This week, Marriott turned some heads when it announced it was partnering up with Yahoo in an attempt to launch a new media venture.
The “Marriott Media Network,” as the company described it, will be an “omnichannel cross-platform advertising solution for brand advertisers,” set to “[enable] curated content experiences and offerings to guests throughout their travel journey.” In other words, it’s going to let advertisers target Marriott hotel guests wherever those hotel guests can be found—in their in-room television sets, in their email inboxes, and directly in the Marriott Bonvoy app.
Right now, according to Marriott’s press release, only travelers in the U.S. and Canada are going to be pummeled with this programming, but the hospitality chain ultimately hopes to expand to target the international crowd, too—“more than 164 million members” in the Bonvoy program altogether, plus all the non-Bonvoy members currently cruising around Marriott’s locations, the company said.
On one hand, it’s kind of a bummer knowing that yet another company will be hitting us with ads—and collecting data to target those ads—from the moment we first buy a ticket through its site to the moment we leave our hotel room. It’s also a bleak reminder that in 2022, everything’s an ad network, from hotels to pharmacies to dollar stores.
So even though Marriott isn’t a media company, we’re still getting a Marriott branded hotel media network. This is also why Best Buy rolled out a similar ad offering earlier this year, and why Dollar Tree did the same last year, and why CVS did the same the year before that. Walmart reported $2 billion in ad revenue earlier this year. It’s not because Best Buy, or Dollar Tree, or CVS, or Walmart are media companies per se, but as Eric Seufert, a media strategist who runs the Mobile Dev Memo trade blog, put it, “if you want to reach a niche audience, you’re better served by operating on an ad network dedicated to that niche.”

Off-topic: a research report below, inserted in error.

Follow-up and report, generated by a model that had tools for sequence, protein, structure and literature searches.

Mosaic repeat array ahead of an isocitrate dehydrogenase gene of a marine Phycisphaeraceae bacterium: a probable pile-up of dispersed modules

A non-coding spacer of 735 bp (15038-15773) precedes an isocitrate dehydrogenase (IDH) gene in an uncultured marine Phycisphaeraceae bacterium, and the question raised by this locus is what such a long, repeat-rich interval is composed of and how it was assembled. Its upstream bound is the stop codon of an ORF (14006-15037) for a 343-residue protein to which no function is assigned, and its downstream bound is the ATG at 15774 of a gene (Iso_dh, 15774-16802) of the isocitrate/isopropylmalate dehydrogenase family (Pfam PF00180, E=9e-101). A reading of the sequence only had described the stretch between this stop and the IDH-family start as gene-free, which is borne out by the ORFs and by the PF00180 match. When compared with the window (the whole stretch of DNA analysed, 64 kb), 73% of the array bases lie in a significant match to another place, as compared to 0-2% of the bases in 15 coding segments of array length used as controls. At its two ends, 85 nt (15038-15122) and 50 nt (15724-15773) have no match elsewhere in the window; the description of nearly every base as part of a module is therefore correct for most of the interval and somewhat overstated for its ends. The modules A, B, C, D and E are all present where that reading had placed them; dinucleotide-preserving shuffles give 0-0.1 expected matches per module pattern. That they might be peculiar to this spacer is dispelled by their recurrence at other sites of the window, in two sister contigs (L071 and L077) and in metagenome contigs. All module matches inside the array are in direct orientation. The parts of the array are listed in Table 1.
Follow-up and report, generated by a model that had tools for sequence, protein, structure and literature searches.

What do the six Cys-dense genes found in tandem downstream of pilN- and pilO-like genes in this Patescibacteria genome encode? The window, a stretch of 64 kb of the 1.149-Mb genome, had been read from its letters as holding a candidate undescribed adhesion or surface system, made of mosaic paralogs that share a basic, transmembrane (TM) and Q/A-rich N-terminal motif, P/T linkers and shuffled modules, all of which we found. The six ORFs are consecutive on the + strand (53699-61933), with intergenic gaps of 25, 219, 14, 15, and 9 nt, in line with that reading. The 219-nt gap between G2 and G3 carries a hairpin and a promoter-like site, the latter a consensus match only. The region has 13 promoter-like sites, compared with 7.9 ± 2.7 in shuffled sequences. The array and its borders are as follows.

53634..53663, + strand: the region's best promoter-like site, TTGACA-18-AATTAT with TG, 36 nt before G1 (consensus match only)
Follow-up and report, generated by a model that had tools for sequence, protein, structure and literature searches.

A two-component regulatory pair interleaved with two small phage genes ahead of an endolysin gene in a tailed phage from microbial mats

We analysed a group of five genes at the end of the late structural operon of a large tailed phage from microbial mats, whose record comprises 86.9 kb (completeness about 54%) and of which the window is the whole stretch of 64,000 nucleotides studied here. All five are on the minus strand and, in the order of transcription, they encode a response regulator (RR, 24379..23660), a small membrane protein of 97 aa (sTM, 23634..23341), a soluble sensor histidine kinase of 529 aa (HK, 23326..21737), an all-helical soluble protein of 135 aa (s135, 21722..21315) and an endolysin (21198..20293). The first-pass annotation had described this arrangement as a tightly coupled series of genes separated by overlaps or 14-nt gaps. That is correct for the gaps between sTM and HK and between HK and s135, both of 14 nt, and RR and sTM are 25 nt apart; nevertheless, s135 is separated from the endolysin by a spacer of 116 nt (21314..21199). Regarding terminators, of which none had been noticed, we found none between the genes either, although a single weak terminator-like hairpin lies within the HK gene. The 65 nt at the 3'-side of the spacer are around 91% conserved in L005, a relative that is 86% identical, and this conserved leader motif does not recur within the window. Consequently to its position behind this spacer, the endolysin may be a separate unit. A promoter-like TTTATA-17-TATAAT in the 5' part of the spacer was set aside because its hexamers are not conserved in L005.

Offline shops like Marriott are suddenly pivoting to the ads business offline is because of the privacy restrictions hitting their online counterparts, as others have astutely pointed out. Legislation like GDPR in the EU and CCPA here in the US—not to mention privacy-focused product updates like the ones Apple rolled out not long ago—have severely hampered advertisers’ ability to reach customers with ads for products they don’t need.
“Facebook’s loss is everyone’s gain, and much of its market share is up for grabs,” said Seufert. “Advertising is an incredibly attractive business,” he went on, because it has high margins, and it’s not hard to roll out an ad platform to target your particular brand of customer.
Around the time that legislation went into effect, retailers with niche audiences—like, say, Marriott hotels, which primarily serves well-to-do travelers—realized that they had data that platforms like Facebook no longer had access to. They knew when people were traveling and when people were buying tickets not because they were purchasing that data from a data broker but because their customers were freely divulging with every click on their sites.
In other words, now that Facebook and Google are having a harder time than ever before reaching gadget shoppers or bargain hunters, you have the stores frequented by those particular audiences seeing a new revenue stream. Instead of just selling those gadgets or cheap little knickknacks to their customers, these stores are now selling access to those customers to advertisers, too.
There’s an adage among tech-privacy folks that when you don’t pay for something (like, say, a free app), you end up “being the product,” when that app ends up pawning your data off to some third-party middleman in an attempt to make a profit. But in 2022, the hotels we stay in, the pharmacies we shop in, and even the places we buy our groceries, like Target and Walmart, all have their own spin on data brokerage, too. It doesn’t matter how much money we spend in these locales; at the end of the day, you’re still going to be seen as a product worth monetizing.